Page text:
Police Group Snubs Meeting with Protesters
Members of the Fort Worth Black Law Enforcement Officers Association may be confused about why they canceled Saturday’s meeting with local protest leaders. That would explain the conflicting reasons the association gave protest organizers Nysse Nelson and Shana Moore for calling off the forum.
Just hours before the long-scheduled meeting at Mount Rose Missionary Baptist Church, one association member told Moore that his group would not attend because of the potential presence of the church’s pastor, Kyev Tatum, who is a vocal critic of police shootings of unarmed Black men and women.
“With the history our department and most Black officers have had with him, we don’t feel his involvement will bring a positive outcome,” the text message read.
Hours later, the association cited a different reason for canceling the event. Via a Facebook message, the group said, “Within hours of the event, [a social media post] was brought to our attention. The board of directors concluded that it would be in the best interest of the association to regretfully decline the invitation.”
The message did not elaborate on the nature of the social media post. Moore and Nelson said Fort Worth police department leadership probably heard about the meeting and ordered members of the Black officers association to concoct a reason (or, better yet, two) for canceling. The original plan, Nelson said, was to bring members of the local Black community into discussions with police officers of color with the goal of building trust between civilians and police. A scheduled Q&A session would have allowed teenagers and adults to ask questions like, “How should I behave while being questioned by a police officer?”
Giving conflicting reasons for canceling the meeting “proves officers lie on their reports,” Nelson said. “You have lost our trust. I speak for all of [Fort Worth’s protest movement]. We don’t trust you, and we don’t respect you. We are going forward with our plans for reforms.”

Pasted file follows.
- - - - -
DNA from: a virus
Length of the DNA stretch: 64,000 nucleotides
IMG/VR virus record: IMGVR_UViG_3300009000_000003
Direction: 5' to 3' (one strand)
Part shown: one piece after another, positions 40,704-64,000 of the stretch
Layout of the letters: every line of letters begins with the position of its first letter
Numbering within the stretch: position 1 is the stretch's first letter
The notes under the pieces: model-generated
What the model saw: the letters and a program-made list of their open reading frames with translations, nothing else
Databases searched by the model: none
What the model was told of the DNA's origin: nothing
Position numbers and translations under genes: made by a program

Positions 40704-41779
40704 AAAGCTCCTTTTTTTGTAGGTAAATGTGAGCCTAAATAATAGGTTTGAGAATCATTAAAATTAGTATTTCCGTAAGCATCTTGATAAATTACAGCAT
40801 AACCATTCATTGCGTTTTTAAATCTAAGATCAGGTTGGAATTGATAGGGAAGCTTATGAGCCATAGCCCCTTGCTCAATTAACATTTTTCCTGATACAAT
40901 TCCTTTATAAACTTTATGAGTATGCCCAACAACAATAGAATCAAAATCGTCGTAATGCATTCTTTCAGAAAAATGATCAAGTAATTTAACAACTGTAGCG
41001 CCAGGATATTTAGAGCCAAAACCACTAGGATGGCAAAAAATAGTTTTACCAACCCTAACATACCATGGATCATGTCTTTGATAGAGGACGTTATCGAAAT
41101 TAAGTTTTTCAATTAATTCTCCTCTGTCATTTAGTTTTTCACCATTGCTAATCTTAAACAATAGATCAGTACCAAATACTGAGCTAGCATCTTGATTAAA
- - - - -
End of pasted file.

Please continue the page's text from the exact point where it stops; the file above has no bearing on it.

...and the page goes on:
The plans include supporting reform-minded candidates for local offices, fundraising for a mental health crisis center, eliminating Fort Worth school district’s security contract with local police, and redistributing tax dollars toward jail diversion programs, among other goals that align with the Black Lives Matter movement.
Moore said the public snub sends a clear message to a community that she said is already reticent to trust police officers.
“We already do not trust them at all,” she said, adding she would not call the police if experiencing an emergency. The meeting was the police’s “opportunity to build that bridge back.”
Moore and Nelson said protest groups Enough Is Enough, 1LOVE Fort Worth, and others will continue to engage with the community to further the goals of the Black Lives Matter movement here in Fort Worth. When asked for comment, the association referred to its Facebook statement, which concluded: “We are deeply saddened by any convenience this may have caused.”